Syfy’s Heroes of Cosplay review


I just checked out the premiere episode of Heroes of Cosplay on the Syfy channel a couple of days ago. This new ‘reality TV’ series follows a a group of mostly female cosplayers in their quest for costume supremacy at different comic conventions around the nation. Some are famed cosplayers like Yaya Han and Chloe Dykstra, while others are struggling amateurs trying to break into the world of competitive cosplay. I was interested in seeing this series since I know a few of the participants as well as I was at Portland Comic Con where they shot the inaugural episode. Overall, I have mixed feelings about Heroes of Cosplay. In short, my experience oscillated from nerdgasm to the painfully bad- so let me explain:

The Bad
fallout-e1376499334638Like most budding reality TV shows, it’s hard to avoid the feeling that the interactions are scripted or situations are prompted. It may or may not have been the case but the dialogue felt forced and directed at times. Having a little reality production experience myself, I know it is very challenging to tell a story coherently unless you do some staging- especially when you are telling multiple stories. The banter worked fine in some cases and was cringe-worthy in others. The other big problem I had with HoC was the over emphasis on cosplay competition. Most of the cosplayers I know (when I say most, I mean all), do it for the love and creativity of embodying a fictitious character. I get that drama is needed to tell a story but in ‘reality’, the competition is just the added bonus after a long few days at a con. I wish HoC would have highlighted the amazing cosplayers as they inspire fans with their creativity or showed their support to charities and hospitals- which to me is truly heroic. Most of my complaints about HoC is that it shows a narrow focus of what the cosplay world is all about. Plus, being in the middle of many costume competitions, usually the atmosphere is jovial and celebratory. It’s honestly less stressful and more a big party.

The Good
1175507_649552615055135_207778085_nWhat has set Comic Cons a part from any other fan base has been the eclectic and diverse group of cosplayers. Their passion is unparalleled and their art delivers amazing creativity to shows all over the world. However, like anything of beauty, it comes with a price. I’m glad that HoC showed the extreme effort these artists endure to bring their creations to life. They all sacrifice time, money, energy, and for some, relationships. I’m glad HoC showed their dedication to their craft, even though it was a bit clumsy at times. I also think it is great that, for the most part, ordinary cosplayers are being followed. For too long cosplayers have been overly sexualized and objectified so I think HoC struck a good balance with that by keeping the boob count down. With a mostly female cast, it’s bound to be an issue from time to time- but I’m glad HoC tried to portray them as who cosplayers are- smart, passionate, and skilled craftswomen. It was also good to show that extreme cosplay is a team sport that requires a support team to make it all possible.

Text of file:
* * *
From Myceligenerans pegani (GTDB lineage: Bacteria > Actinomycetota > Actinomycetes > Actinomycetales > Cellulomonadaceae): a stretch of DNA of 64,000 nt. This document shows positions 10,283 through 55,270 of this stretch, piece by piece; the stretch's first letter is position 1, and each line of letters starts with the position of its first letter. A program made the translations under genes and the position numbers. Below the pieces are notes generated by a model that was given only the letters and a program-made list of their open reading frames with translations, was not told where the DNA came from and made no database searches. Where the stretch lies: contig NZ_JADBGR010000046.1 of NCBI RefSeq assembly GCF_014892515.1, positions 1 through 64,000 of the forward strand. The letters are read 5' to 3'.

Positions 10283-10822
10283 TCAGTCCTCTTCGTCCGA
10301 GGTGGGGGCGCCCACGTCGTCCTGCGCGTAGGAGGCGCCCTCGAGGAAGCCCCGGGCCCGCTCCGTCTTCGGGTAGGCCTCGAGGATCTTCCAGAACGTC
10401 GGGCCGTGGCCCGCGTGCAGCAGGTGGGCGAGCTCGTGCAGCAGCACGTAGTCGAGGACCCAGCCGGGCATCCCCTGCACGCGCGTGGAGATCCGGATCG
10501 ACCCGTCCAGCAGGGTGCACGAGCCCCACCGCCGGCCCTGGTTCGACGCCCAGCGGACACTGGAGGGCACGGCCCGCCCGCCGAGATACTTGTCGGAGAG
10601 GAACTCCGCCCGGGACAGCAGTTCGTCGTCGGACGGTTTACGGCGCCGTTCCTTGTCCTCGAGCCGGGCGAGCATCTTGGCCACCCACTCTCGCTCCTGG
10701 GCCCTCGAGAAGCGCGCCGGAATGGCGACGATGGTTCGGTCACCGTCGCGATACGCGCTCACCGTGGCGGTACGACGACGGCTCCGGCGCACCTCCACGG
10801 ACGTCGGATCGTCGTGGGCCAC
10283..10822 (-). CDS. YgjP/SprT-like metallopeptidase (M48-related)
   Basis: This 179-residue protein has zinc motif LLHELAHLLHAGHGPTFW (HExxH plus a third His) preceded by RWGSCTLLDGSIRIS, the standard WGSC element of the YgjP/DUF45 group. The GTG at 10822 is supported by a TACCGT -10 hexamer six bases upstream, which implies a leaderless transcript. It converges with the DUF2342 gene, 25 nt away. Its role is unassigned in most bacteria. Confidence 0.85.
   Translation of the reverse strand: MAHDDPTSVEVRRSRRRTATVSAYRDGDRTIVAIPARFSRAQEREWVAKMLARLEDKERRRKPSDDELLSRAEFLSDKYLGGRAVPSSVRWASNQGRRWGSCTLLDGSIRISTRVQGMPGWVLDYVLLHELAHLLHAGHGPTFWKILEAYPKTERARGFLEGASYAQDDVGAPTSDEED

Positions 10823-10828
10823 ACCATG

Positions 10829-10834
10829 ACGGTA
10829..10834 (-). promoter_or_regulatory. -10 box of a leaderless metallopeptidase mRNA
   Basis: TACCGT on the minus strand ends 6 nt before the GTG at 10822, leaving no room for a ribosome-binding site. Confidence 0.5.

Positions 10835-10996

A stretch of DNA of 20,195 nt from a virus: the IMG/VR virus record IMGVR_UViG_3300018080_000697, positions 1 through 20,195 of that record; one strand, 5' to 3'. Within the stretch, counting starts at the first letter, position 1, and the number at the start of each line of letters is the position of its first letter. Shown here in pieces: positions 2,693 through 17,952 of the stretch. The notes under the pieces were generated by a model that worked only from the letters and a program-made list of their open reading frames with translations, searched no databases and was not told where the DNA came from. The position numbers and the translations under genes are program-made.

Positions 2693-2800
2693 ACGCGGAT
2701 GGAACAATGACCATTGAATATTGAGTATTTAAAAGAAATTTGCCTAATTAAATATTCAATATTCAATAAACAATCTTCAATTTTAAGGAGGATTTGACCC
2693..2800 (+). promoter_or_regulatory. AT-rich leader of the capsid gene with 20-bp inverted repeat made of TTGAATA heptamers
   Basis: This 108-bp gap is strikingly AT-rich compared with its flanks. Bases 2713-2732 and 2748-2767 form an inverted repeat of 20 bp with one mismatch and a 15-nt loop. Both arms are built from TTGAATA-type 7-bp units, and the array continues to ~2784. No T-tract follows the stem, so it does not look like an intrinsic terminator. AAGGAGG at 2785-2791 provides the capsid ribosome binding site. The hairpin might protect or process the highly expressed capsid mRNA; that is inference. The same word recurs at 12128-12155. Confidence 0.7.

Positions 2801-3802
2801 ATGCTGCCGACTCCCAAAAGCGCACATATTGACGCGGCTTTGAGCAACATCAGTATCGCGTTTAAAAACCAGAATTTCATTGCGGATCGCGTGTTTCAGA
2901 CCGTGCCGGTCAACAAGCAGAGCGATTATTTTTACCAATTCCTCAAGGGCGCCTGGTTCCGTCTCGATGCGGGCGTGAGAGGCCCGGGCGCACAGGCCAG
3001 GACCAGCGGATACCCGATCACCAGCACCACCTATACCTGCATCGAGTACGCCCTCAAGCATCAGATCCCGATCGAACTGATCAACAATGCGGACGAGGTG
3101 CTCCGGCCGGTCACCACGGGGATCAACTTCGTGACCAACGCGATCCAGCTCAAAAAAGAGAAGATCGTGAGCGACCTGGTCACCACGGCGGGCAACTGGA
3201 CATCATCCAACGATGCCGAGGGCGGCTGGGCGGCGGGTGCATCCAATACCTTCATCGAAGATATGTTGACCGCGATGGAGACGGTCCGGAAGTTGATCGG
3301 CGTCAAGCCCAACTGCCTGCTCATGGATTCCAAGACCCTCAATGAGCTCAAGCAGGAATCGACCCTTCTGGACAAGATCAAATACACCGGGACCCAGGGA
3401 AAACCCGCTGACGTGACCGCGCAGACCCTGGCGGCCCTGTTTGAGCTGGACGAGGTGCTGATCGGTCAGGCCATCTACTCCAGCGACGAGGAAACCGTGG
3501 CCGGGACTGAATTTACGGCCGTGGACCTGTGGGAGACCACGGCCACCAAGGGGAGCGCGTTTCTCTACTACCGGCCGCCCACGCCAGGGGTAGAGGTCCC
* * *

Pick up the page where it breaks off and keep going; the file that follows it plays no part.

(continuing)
How should the nerd community respond to this show?
Heroes of Cosplay - Season 1As I have been tracking the feedback for HoC on Twitter, there has definitely been a lot of criticism in the wake of the premiere episode. Let’s face it, as fellow con nerds and cosplayers, we always have a lot to complain about. Largely because our ‘gut’ instinct is to say “that’s not like the cosplayers I know…” or “there is so much more to cosplay”. Well, I want to encourage you to suppress your deep seeded urges to criticize. Not because you are not right, but rather for the sake of supporting the art form of cosplay. We are finally getting the media attention we deserve so to me, awkward progress is better than no progress. This show has received similar nerd-rage as Kevin Smith’s and AMC’s Comic Book Men. There is a lot wrong (and stereotyping) on that show as well but it is at least getting comic culture out to a wider audience. Personally, I can’t believe we are living in an era where we are watching reality TV shows about comic books and cosplay. Sure, it’s not going to get it right half the time- but at least it’s out there taking awkward first steps. I think it’s important that we embrace the good with the bad for the sake of the big picture. This is not a perfect show by any stretch of the imagination, but it’s highlighting the story of good people doing a work that is still largely misunderstood. It takes bravery to put your life on display and put it in the hands of unknown producers, directors, and editors. Who knows, I might jump ship as the episodes continue but I am at least willing to give it a solid try. Come on, anything to compete against the dreadful “Real Housewives of…” series has to be a worthy cause. Can we all agree on that?!?! Maybe I’m just a sucker for people pursuing their dreams. Either way, I want to do my part in making this show a hero and not a villain.